Sharing food is a key to long wellness

Friendsgiving has evolved into a totally customisable, modern tradition to celebrate friendship, says Dan Buettner. Food-with-friends is as old as civilization, but the term “Friendsgiving” was fittingly popularised by the TV show Friends.


1. There are no rules to Friendsgiving.

Unlike traditional Thanksgiving, Friendsgiving doesn’t have the expectations of a lavish meal with perfect place settings. It can be a cocktail and hors d’oeuvres affair, a take-out feast, a picnic in the park, or a board game night with your best buds. You can do it the weekend after Thanksgiving, the weekend before, or even as a leftovers celebration the Friday after Thanksgiving. 

2. Celebrate stress-free.

Stress can reduce the ability of your immune system to fight off illnesses and adds to your body’s overall inflammation. Although one of the Blue Zones Power 9 longevity principles is Family-First, there is no denying that sometimes holiday togetherness can be stressful, whether it’s too many cooks in the kitchen or bickering about politics or family squabbles. Friendsgiving is a way to sit down at the table with your family of choice, those who are your cheerleaders and support system. Recent studies support a notable link between brain health and having a group of close friends.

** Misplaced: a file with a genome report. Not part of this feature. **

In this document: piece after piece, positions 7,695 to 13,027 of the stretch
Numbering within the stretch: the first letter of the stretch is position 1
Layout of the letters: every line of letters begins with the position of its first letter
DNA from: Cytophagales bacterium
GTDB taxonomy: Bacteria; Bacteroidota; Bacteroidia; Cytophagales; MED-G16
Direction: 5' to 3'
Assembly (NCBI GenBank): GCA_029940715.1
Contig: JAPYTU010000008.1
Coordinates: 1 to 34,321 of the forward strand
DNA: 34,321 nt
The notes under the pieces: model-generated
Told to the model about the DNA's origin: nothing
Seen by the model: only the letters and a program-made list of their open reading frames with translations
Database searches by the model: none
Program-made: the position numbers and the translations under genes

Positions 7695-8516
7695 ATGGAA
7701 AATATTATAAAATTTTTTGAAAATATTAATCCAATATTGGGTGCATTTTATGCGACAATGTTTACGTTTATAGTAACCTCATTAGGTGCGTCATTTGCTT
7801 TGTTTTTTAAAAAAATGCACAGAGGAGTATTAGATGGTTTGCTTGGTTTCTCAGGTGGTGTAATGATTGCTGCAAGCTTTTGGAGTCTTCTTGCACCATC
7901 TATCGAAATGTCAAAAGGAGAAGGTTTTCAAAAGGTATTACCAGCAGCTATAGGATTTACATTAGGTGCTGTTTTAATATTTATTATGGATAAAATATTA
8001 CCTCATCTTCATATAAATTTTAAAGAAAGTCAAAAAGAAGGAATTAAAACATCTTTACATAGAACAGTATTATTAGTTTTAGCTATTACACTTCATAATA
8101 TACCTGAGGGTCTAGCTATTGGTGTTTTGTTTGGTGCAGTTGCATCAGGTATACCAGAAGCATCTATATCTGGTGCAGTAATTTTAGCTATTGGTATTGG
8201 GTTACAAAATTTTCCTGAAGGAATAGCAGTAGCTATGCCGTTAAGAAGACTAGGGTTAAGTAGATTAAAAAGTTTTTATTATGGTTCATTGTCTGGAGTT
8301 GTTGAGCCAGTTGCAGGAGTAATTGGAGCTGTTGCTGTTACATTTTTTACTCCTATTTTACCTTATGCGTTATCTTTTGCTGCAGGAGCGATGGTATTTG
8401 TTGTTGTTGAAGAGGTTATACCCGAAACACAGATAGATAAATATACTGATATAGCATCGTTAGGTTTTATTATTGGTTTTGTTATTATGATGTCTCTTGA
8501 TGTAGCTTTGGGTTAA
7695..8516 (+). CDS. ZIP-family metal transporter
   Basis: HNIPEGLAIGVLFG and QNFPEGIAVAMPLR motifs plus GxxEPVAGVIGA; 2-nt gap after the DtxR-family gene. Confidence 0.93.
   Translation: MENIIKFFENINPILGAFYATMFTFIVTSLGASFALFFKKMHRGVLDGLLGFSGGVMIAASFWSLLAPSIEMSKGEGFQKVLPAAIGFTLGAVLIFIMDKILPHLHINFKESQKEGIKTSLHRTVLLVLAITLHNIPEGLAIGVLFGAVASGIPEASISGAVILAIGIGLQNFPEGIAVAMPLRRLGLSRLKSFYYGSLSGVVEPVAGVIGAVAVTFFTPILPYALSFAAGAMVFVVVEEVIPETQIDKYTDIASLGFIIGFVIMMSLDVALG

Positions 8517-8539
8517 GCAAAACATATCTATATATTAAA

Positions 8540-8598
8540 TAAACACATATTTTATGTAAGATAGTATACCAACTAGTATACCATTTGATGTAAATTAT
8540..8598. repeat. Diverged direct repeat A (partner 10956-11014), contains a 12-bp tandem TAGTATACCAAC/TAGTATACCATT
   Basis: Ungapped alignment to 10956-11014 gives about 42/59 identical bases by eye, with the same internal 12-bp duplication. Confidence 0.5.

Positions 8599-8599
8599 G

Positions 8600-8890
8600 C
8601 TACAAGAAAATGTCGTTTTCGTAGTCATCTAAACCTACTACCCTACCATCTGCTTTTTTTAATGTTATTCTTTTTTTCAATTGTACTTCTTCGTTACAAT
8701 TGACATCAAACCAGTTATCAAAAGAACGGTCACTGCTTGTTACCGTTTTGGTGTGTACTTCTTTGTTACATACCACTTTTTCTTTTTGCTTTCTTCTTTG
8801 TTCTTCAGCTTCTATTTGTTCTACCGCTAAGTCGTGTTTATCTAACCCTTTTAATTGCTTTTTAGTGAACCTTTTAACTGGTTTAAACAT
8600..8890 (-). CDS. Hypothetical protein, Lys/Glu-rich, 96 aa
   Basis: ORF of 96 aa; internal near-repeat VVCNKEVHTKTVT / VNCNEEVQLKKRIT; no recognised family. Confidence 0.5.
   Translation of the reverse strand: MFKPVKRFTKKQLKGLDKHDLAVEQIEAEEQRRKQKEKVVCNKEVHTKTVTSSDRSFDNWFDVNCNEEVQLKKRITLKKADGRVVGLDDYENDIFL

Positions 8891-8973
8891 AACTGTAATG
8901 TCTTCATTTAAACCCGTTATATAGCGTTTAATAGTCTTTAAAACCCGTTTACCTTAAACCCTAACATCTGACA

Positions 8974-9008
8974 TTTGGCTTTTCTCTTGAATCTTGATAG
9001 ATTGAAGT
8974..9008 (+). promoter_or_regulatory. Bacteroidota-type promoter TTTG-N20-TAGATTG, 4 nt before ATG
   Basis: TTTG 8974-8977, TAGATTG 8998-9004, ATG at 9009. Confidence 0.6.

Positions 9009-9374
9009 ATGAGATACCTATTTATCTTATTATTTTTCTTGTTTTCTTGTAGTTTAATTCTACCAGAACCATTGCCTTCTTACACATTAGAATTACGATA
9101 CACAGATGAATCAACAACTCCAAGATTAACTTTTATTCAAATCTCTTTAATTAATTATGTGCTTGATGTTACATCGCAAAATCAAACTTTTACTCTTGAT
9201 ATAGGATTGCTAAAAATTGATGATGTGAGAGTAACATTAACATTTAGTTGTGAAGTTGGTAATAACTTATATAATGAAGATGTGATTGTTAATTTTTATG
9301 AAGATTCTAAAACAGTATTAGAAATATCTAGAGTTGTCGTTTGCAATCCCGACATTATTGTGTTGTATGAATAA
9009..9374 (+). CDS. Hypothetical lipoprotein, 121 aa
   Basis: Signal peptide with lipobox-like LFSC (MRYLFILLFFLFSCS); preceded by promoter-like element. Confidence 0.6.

3. Play games.

A recent study associated activities like reading books or magazines or playing board games or cards with a lower risk of dementia in older adults. Pull out your old favorites like Twister to get everyone moving, or try a new game that will get everyone laughing.

4. Practice active listening.

To celebrate friendship and take your relationships to a deeper level, remember that conversation should be a two-way street—it’s important to share and be vulnerable, but it’s even more important to listen.

5. Embrace potluck-style dining. 

Bring something everyone will love—it doesn’t even have to be traditional “Thanksgiving” food. Adventists from the blue zones area of Loma Linda participate in weekly potlucks that are a fixture in Seventh-Day Adventists’ social lives.

Dan Buettner’s latest book is The Blue Zones Kitchen,


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